We’re a generous bunch, according to ATO stats, with around 4.6 million Australians donating to charity every year. But when you hand over your hard-earned cash to a charitable organisation in good faith, where does the money really end up? The results may surprise you…
Where is your money going?
When you donate to charity, you do so under the assumption that your funds will go to the people and organisations that really need it.
It’s inevitable that some of the money that you donate to charitable organisations will be funnelled towards admin expenses, staff salaries and fundraising. But for the most part, it’s safe to assume that the greater portion of the money we donate to charity is going towards helping those less fortunate, right?
Unfortunately, that’s not always the case — which is precisely why, in 2011, the Australian Charities and Not-for-Profits Commission (ACNC) was established to make Australia’s 60,000-plus charities more accountable for how they manage their money.
To date, over 57,600 charities and non-profits nationally have registered with the commission, which maintains a free public register for consumers to search and look up information about registered organisations.
So, how do some of your favourite charities stack up?
According to a recent CHOICE report, in 2010 World Vision delivered $271.6 million to its causes around the world, and spent around $37.7 million on fundraising. This is roughly in line with the charity’s publicly-disclosed financial breakdown, which reveals that they spend around 78.8 per cent of funds on direct charity work, 11.5 per cent on fundraising, and 9.7 per cent on administration.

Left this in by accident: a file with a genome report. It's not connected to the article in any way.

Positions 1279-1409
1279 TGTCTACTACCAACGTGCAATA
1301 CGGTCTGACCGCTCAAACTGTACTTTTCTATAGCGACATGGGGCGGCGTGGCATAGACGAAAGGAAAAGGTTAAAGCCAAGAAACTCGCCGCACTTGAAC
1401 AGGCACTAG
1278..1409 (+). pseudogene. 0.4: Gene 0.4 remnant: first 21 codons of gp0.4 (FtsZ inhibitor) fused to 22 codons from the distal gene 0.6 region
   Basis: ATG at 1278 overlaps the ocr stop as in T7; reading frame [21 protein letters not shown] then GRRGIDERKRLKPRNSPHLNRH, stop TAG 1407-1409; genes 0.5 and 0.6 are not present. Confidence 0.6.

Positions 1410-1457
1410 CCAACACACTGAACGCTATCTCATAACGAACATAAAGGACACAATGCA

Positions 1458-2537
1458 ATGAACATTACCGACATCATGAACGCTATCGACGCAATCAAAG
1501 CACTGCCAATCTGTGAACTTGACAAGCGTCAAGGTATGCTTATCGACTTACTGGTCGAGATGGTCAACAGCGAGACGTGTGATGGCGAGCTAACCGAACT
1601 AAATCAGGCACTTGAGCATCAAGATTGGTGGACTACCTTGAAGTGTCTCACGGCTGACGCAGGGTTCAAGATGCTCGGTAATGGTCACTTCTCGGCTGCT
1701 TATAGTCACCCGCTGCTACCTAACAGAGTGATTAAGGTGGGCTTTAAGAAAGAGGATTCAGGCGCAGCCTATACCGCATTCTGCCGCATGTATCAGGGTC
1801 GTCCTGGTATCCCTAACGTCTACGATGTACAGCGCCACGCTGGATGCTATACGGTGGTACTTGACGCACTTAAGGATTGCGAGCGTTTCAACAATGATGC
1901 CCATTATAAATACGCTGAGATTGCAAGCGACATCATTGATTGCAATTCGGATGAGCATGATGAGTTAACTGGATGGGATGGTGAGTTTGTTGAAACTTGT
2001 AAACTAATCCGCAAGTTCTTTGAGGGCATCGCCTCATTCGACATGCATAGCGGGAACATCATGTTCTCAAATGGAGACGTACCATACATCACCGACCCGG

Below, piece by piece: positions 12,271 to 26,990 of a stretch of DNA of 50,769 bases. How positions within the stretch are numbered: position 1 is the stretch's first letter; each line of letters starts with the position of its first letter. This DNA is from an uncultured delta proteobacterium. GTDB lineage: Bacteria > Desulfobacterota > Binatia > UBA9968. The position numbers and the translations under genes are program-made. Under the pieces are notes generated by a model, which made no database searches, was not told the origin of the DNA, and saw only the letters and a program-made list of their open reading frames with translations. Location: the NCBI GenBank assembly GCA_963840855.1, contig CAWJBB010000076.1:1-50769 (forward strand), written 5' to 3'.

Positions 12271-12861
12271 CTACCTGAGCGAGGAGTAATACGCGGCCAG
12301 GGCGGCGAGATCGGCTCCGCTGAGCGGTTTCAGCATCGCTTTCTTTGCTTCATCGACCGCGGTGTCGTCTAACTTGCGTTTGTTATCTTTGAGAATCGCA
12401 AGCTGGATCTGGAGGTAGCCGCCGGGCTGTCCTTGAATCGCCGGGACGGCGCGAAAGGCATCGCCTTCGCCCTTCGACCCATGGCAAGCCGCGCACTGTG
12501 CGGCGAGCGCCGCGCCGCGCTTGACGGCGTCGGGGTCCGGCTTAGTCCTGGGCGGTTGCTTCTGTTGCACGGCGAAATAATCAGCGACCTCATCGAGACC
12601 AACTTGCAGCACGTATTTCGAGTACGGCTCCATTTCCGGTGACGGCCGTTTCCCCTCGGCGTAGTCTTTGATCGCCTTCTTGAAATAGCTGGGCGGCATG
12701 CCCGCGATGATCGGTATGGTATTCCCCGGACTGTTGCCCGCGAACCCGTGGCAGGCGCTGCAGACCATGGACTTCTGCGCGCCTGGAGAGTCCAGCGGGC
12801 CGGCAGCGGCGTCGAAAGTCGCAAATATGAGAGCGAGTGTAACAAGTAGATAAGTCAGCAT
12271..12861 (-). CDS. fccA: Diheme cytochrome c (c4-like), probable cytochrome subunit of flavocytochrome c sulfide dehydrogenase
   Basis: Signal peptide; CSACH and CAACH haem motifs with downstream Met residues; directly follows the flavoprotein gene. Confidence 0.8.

Total funds directed to core charitable work: 78.8 per cent
Surf Life Saving
The Daily Telegraph did some sleuthing and found that Surf Life Saving Foundation Incorporated is one of the worst offenders when it comes to frittering away donations. It spent a whopping 62 per cent of its $23.8 million gross fundraising revenue on administration costs, leaving just 38 per cent of donations to go towards the costs of keeping our beaches safe.
Total funds directed to core charitable work: 38 per cent
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The UNHCR, also known as the UN Refugee Agency, is committed to their cause of helping to protect and assist refugees in more than 110 countries. According to their Annual Report, UNHCR’s administrative costs account for around 10 per cent of their total budget, while fundraising, public awareness and advocacy costs represent a tiny 1 per cent. The remaining 89 per cent of all funds collected are spent on services directly helping refugees.
Total funds directed to core charitable work: 89 per cent
Animal welfare charity RSPCA is comprised of a national organisation, with individual hubs in each state or territory. So, depending on where you live, you may be donating to head office or one of the state-wide affiliates. The specifics of how your donations are spent may change slightly as a result, but we can look at the NSW breakdown as a guide: Here, funds are sliced with 9 per cent spent on admin, 18 per cent spent on marketing and fundraising, and 73 per cent on direct animal welfare work.
Total funds directed to core charitable work: 73 per cent